Arkansas Advocates for Children and Families
NO EASY FIXES: Report calls for more pre-K funding, among other changes.
today released a comprehensive status report on Arkansas public education
that focuses on the mixed success of efforts to close the achievement gap. Titled "Education in the post Lake View era," it examines the halting progress made in student achievement since that 2003 Arkansas Supreme Court decision which transformed the state's school system.
Advocates calls for new investment in a number of areas, but prioritizes the state's pre-K budget, which has suffered from flat funding since 2008 (in other words, an effective cut). The group says pre-K's appropriation needs a boost of $14 million in the coming fiscal year, and an additional $2 million in 2015-16, in order to restore 2008 funding levels.
A cost-of-living increase for pre-K funding has been conspicuously absent from Gov. Asa Hutchinson's
budget. During the gubernatorial campaign, Hutchinson sparred with opponent Mike Ross
about expanding pre-K eligibility (Ross wanted to make the program available to far more kids), but he agreed that boosting the existing program's funding was important.
"We need to fully fund our current program before we expand eligibility for additional students," Hutchinson said during the campaign.
OK. But when will that happen?
The Advocates report covers a lot of other ground as well: teacher quality and preparation, teacher salaries, Common Core, facilities funding, afterschool and summer programs, parental engagement, discipline policies, school broadband, class size and on and on.
It would be interesting to closely compare the findings contained in this report with those in a similar document released only last month
by Forward Arkansas,
the new strategic planning partnership between the Walton Family Foundation, the Winthrop Rockefeller Foundation
and the Arkansas Department of Education.
The Forward Arkansas report is descriptive only, not prescriptive, while the Advocates report clearly states recommended next steps in each of the policy areas it covers. (It's also much more detailed.) Forward Arkansas will release its own recommendations later in the year, after it finishes conducting focus groups and other inquiries
in Little Rock and other districts in the state.
The two reports have similar findings on student outcomes, which will be familiar to anyone who's paid close attention to education in Arkansas: Our aggregate metrics have crept upwards and some now approach the national average, such as 4th and 8th grade NAEP test scores. (The NAEP test is taken across state boundaries and thus allows for cross-state and national comparisons.) College-going rates and high school graduation rates have significantly improved. Other metrics aren't as forgiving — ACT scores have barely budged. The achievement gap — in regards to both race and education — remains large.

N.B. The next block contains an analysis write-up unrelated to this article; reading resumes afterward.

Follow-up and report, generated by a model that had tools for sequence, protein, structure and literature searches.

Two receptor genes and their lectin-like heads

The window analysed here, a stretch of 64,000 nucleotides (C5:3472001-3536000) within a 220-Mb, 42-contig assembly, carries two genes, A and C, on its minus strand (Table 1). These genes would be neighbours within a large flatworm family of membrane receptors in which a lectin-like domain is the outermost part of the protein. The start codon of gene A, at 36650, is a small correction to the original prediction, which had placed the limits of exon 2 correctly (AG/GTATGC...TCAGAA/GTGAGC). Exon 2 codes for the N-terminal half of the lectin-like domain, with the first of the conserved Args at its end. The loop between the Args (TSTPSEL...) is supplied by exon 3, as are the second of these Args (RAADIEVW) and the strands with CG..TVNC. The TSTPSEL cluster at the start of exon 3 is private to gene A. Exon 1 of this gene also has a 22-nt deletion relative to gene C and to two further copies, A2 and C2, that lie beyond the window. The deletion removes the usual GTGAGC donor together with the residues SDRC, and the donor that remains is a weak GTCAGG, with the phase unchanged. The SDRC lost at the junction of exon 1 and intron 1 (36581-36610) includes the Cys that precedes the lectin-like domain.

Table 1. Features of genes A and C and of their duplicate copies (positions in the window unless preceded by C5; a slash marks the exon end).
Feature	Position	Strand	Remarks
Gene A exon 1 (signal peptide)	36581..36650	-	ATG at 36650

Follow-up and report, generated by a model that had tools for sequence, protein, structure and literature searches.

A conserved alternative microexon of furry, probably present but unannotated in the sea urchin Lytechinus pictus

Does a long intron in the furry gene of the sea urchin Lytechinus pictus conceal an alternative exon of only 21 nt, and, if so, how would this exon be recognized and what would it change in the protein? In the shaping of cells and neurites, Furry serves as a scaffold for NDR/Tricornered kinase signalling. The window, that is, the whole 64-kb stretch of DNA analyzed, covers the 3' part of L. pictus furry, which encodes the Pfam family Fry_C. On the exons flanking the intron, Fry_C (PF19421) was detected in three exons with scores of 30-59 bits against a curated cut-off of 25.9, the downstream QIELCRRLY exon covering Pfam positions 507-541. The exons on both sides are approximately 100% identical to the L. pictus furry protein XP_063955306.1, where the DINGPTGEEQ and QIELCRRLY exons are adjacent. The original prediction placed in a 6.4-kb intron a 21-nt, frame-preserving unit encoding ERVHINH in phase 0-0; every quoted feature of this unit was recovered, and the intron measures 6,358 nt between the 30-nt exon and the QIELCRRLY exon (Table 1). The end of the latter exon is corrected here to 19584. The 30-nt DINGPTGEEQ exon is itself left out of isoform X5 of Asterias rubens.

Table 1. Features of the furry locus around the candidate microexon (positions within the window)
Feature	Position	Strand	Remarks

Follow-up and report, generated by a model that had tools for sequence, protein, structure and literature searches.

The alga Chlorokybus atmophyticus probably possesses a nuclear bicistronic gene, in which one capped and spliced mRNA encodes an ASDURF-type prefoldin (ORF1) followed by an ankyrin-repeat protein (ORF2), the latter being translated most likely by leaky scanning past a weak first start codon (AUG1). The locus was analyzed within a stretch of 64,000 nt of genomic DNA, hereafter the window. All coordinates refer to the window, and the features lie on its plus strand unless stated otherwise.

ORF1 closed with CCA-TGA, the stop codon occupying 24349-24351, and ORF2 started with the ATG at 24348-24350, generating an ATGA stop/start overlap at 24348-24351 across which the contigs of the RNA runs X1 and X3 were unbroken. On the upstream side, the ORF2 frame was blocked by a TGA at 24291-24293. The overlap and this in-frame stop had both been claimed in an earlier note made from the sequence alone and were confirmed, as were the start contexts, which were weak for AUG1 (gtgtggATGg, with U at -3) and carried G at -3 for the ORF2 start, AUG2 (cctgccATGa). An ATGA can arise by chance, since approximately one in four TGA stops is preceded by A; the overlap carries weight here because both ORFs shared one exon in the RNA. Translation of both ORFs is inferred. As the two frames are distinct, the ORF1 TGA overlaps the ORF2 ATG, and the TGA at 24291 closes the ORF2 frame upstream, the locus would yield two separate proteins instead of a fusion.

Yet there are also notable differences in their points of emphasis. For example, Forward Arkansas offers only this about the state's charter schools, in a section titled "Innovative Learning Models":
While charter schools are an option for Arkansas students and families, availability is limited. Fewer students in Arkansas attend charter schools compared to other states, with students in charter schools accounting for approximately 3% of the total number of Arkansas students.
The Advocates report, in contrast, notes the mixed record of charters in the state and the nation at large:
The 2008 Post-Lake View report indicated that high quality charter schools such as KIPP Delta can be successful in reducing the achievement gap. Much of the research, even by organizations favorable to charter schools, indicates strong variation among charter schools. Like traditional public schools, some charter schools perform better than others. ... Some are excellent and others have been closed because they failed to meet the terms of their charter, which in some cases meant students had not improved in performance.